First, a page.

BARRY: There are three different parts of the operations at the moment. We are the operator of the PNG LNG project. And with the recent acquisition we’ve made of InterOil, we are now a partner in the PRL 15 or the Papua LNG project operated by Total. And then we have also recently entered into some offshore licence areas which are more than 150 kilometres off the coast of the Gulf of Papua and in more than 1500 metres of water.

MAULUDU: It has been three years since the first LNG shipment was made from the PNG LNG project. How would you describe the progress so far?
BARRY: I would say absolutely outstanding. And I’ll characterise it in a number of different areas.
The first one and most important is our safety performance. If you think of 2016, we had the best year ever from a safety perspective. And we are really actually the best in class.
Whether you look at it internally from ExxonMobil and externally from the industry as well. We’ve worked almost 70 million hours without a single lost time to injury.
And we’ve worked since 2013 without anyone getting hurt from that perspective. So it was an outstanding performance.
And from environmental performance, again we had our best year ever in 2016. We see that from the biodiversity perspective things went really well. The regeneration of all our sites is going better than expected. We continue to invest heavily in the communities in the areas of education, empowering women, and health.
We have recently been helping in the Highlands Highway – K150 million investment in Highlands Highway. And from a production perspective, we have just delivered our 300th cargo. Production has been going about 20 per cent above what our designed at the PNG LNG. So all the key matrix, we are doing outstanding. Most important thing is that the performance of the teams have done that. In my position, I couldn’t be more proud and more privileged to lead such a fantastic team.
We’ve got about 2500 people working on the PNG LNG project and more than 80 per cent of them are Papua New Guineans.

MAULUDU: Being the first operator of the major LNG project in the country, do you think Government legislations and policies for the petroleum sector are framed in a way to encourage further investment in the industry itself?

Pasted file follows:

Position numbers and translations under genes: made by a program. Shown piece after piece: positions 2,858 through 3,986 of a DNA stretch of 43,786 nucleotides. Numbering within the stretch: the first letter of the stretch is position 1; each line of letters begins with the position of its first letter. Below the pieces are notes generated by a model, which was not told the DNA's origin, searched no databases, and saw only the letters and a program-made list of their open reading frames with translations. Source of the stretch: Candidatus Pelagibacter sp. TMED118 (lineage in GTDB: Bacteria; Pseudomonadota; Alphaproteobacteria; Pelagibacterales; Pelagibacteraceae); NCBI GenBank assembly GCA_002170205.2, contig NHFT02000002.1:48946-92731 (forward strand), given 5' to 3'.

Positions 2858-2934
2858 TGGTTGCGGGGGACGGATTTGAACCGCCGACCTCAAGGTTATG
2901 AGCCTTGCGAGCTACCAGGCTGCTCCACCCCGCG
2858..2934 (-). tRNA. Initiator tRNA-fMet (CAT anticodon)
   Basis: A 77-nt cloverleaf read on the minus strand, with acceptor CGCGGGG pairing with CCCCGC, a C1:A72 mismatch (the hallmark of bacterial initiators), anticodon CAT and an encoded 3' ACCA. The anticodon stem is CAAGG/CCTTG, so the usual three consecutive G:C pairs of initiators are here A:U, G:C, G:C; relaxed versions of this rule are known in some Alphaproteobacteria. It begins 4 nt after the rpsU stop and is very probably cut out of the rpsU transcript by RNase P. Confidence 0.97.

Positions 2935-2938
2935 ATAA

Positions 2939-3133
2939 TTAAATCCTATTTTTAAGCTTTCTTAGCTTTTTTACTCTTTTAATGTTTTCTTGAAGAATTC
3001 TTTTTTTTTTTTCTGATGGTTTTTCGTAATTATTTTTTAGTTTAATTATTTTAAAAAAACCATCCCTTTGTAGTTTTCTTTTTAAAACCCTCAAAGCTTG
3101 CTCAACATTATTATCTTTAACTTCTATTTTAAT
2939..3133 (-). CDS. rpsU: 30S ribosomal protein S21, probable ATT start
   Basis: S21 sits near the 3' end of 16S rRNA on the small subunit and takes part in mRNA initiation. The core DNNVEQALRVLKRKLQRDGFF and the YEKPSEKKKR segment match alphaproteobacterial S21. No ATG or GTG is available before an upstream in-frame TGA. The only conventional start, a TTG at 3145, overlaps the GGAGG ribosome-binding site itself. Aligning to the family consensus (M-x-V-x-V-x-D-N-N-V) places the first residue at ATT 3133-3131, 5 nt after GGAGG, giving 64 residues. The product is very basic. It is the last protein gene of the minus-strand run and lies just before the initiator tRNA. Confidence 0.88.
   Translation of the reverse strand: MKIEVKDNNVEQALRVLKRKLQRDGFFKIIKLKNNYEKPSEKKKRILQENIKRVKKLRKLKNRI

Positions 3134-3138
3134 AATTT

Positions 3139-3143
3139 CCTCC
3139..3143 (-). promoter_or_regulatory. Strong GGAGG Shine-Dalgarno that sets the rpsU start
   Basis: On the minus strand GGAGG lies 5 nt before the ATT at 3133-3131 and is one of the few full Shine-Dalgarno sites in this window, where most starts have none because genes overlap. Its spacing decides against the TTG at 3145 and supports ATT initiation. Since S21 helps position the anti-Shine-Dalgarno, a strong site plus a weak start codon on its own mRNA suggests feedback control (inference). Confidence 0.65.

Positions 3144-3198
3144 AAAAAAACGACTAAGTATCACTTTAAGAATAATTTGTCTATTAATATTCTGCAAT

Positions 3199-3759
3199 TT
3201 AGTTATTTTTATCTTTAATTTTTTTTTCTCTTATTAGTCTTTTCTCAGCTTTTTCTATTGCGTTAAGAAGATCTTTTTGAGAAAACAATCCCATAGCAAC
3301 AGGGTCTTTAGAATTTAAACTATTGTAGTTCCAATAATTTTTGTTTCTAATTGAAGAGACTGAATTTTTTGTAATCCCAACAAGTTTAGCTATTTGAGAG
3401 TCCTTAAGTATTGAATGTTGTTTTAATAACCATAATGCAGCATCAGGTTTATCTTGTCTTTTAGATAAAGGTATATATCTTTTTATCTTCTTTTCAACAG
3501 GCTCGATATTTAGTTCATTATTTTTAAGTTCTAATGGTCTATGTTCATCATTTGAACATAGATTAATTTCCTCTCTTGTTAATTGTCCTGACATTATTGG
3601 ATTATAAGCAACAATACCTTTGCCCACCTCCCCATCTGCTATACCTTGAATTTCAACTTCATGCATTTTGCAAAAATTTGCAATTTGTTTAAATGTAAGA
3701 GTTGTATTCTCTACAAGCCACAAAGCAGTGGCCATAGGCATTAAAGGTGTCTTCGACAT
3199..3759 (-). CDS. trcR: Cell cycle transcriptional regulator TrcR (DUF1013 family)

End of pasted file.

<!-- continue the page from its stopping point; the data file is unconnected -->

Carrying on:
BARRY: I think the policies and legislations are sound. We have demonstrated through the PNG LNG project that within that framework, we can make projects happen.
And so we understand that and are comfortable with it. With any legislation or policies, there is room and opportunities for improvement. But we don’t see that there needs to be a whole rewrite of any of the policies or legislations. We think they are sound. And importantly, the development of multiple projects happens, improving and increasing the capacity and resources within the Government.
For example, the DPE (Department of Petroleum and Energy) is really what is needed to be able to progress some other projects going forward.

MAULUDU: It has been revealed recently that there is still a huge potential of oil reserves yet to be tapped into. What is ExxonMobil’s view on that?
BARRY: We are very upbeat of that and excited about the opportunities right across the country. And as part of the InterOil acquisition, we picked up some exploration acreage around PRL 15, around Papua LNG. So we feel that there is more potential out there that we would like to go out and explore. In the offshore, we now have got three offshore blocks (more than 150 kilometeres offshore, 1500 metres of water) and that really played to ExxonMobil’s strengths and capabilities to be able to develop those types of resources.
It still requires a lot of work at the early days because we need to go out and do more seismic activities and drill wells to be able to then understand what these resource base is.
But we are very excited and would like to think that there is a lot of opportunities.

MAULUDU: How competitive then do you think the country’s petroleum industry is?
BARRY: Within PNG, it can be quite expensive to develop resources, driven by the terrain and logistics and such. For example, an exploration well can cost more than K300million to drill one. When I look at the competitiveness, there are different factors that ultimately play into that competiveness.
It’s the cost of developing those resources, it’s the fiscal regime that’s in the country.
And what’s really important is that when we work in partnership with Government, is to be able to find that balance to be able to continue to make the country competitive for resources.
Certainly there are lots of opportunities out there and we are excited about, I think that we’d be able to develop the resources but we’ve got to work on the cost, to get the cost down and more importantly, a stable, physical environment such that we have confidence in developments.